Cliff Swallow

A handsome bird, the dark throat is what stands out the most when it flies way up there in the blue. Although just one was around here today, during rain on the previous day, 20 to 30 were busy feasting amid the falling water. Millions migrate through Costa Rica although many fly high up there, way overhead. As with the Barns, I wonder where they will nest this summer.

Bank Swallow

I was pleased to see one of these small swallows this morning. A year bird (!) and hopefully the first of many that will fly through these skies. Millions of these also fly through Costa Rica and they can still zip through during May. Pale below and with a thin breast band, the slight appearance also helps it stand out from the Rough-wingeds. In a month, the Banks seen these days will be visiting holes in the sides of sandy river banks and other similar spots.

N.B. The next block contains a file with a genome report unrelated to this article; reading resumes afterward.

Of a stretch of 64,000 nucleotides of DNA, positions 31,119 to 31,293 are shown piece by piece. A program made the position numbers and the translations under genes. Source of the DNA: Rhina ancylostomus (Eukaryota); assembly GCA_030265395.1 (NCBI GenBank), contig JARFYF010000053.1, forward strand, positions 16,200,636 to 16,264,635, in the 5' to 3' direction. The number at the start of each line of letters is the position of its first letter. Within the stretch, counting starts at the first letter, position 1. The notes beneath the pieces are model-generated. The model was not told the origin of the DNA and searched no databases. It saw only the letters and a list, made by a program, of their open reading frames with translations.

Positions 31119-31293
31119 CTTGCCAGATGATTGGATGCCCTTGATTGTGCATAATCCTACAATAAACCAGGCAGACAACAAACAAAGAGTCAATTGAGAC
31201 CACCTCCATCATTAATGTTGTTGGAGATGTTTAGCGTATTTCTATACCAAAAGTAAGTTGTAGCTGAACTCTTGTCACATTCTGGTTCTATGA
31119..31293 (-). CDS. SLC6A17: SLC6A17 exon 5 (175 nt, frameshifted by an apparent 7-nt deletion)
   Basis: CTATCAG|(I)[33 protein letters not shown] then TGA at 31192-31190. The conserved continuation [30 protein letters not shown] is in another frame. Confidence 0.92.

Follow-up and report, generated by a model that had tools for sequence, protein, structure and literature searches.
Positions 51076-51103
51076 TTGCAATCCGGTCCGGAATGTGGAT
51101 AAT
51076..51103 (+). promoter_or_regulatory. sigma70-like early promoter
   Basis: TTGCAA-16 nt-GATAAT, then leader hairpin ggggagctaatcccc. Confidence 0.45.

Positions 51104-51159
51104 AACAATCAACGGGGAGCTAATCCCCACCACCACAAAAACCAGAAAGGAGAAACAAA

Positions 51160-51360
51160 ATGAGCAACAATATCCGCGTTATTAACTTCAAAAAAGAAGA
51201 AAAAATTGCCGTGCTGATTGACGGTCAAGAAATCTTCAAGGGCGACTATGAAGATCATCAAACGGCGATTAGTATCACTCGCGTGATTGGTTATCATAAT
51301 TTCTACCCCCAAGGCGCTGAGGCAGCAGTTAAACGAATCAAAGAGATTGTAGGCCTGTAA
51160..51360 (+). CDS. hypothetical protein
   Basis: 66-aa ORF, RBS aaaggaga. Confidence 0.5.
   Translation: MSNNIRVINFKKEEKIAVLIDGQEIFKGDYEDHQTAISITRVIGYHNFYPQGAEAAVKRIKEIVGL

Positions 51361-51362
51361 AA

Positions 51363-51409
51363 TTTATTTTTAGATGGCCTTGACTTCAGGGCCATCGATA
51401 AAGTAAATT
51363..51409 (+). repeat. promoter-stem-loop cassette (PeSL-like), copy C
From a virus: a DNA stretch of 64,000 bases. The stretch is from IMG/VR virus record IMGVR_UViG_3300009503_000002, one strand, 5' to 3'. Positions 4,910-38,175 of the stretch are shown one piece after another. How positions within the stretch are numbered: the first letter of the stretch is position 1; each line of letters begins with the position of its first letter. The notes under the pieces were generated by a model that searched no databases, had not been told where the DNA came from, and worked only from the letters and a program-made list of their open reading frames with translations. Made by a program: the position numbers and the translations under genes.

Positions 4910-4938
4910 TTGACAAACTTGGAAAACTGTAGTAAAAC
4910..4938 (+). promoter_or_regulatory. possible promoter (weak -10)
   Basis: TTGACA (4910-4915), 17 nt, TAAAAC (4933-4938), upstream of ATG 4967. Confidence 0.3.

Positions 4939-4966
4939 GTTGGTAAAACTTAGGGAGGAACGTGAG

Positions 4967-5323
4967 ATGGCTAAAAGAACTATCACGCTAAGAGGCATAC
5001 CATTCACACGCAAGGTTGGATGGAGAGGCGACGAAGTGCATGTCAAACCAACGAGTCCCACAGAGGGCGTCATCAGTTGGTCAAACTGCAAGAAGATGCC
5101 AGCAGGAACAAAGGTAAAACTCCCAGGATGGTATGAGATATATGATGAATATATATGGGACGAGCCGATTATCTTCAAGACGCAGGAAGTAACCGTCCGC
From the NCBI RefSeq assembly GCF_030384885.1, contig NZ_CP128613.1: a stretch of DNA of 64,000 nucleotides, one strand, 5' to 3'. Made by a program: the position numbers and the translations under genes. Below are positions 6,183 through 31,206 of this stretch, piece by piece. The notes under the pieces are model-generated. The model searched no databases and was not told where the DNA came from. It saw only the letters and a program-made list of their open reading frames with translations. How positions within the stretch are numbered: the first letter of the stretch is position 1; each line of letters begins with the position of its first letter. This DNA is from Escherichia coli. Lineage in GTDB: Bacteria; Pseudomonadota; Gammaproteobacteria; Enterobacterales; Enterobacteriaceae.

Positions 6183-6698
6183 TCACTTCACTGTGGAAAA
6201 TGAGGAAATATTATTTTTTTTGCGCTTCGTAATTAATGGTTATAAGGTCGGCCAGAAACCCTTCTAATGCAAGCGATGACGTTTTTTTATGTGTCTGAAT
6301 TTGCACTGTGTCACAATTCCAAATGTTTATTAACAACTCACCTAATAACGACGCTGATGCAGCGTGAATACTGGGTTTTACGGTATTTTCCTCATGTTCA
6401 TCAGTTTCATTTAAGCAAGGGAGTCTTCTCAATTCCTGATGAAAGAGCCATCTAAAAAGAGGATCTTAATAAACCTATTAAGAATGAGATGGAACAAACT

Eventually, the large swifts flew higher and higher until they hid in plain sight up there in the blue. The migrant swallows eventually disappeared, who knows where they will be spending the night. Could be anywhere from somewhere around here to habitat near Lake Nicaragua. I wonder what will be flying around here tomorrow?

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biodiversity birds to watch for in Costa Rica preparing for your trip

The Backyard Hummingbird in Costa Rica

Backyards and hummingbirds? Ha! Not while growing up just off Pine Avenue in Niagara Falls, New York. Seeing a hummingbird, even the only one remotely likely in my area, seemed like a pipe dream, something that could never happen. How could they occur in our tiny backyard? Northern Cardinals, occasional Blue Jays and a once in a while Downy Woodpecker yes but a backyard hummingbird? No way. And yet, on one rare day on a rainy May morning, I did see a hummingbird on our street and it was NOT a Ruby-throated!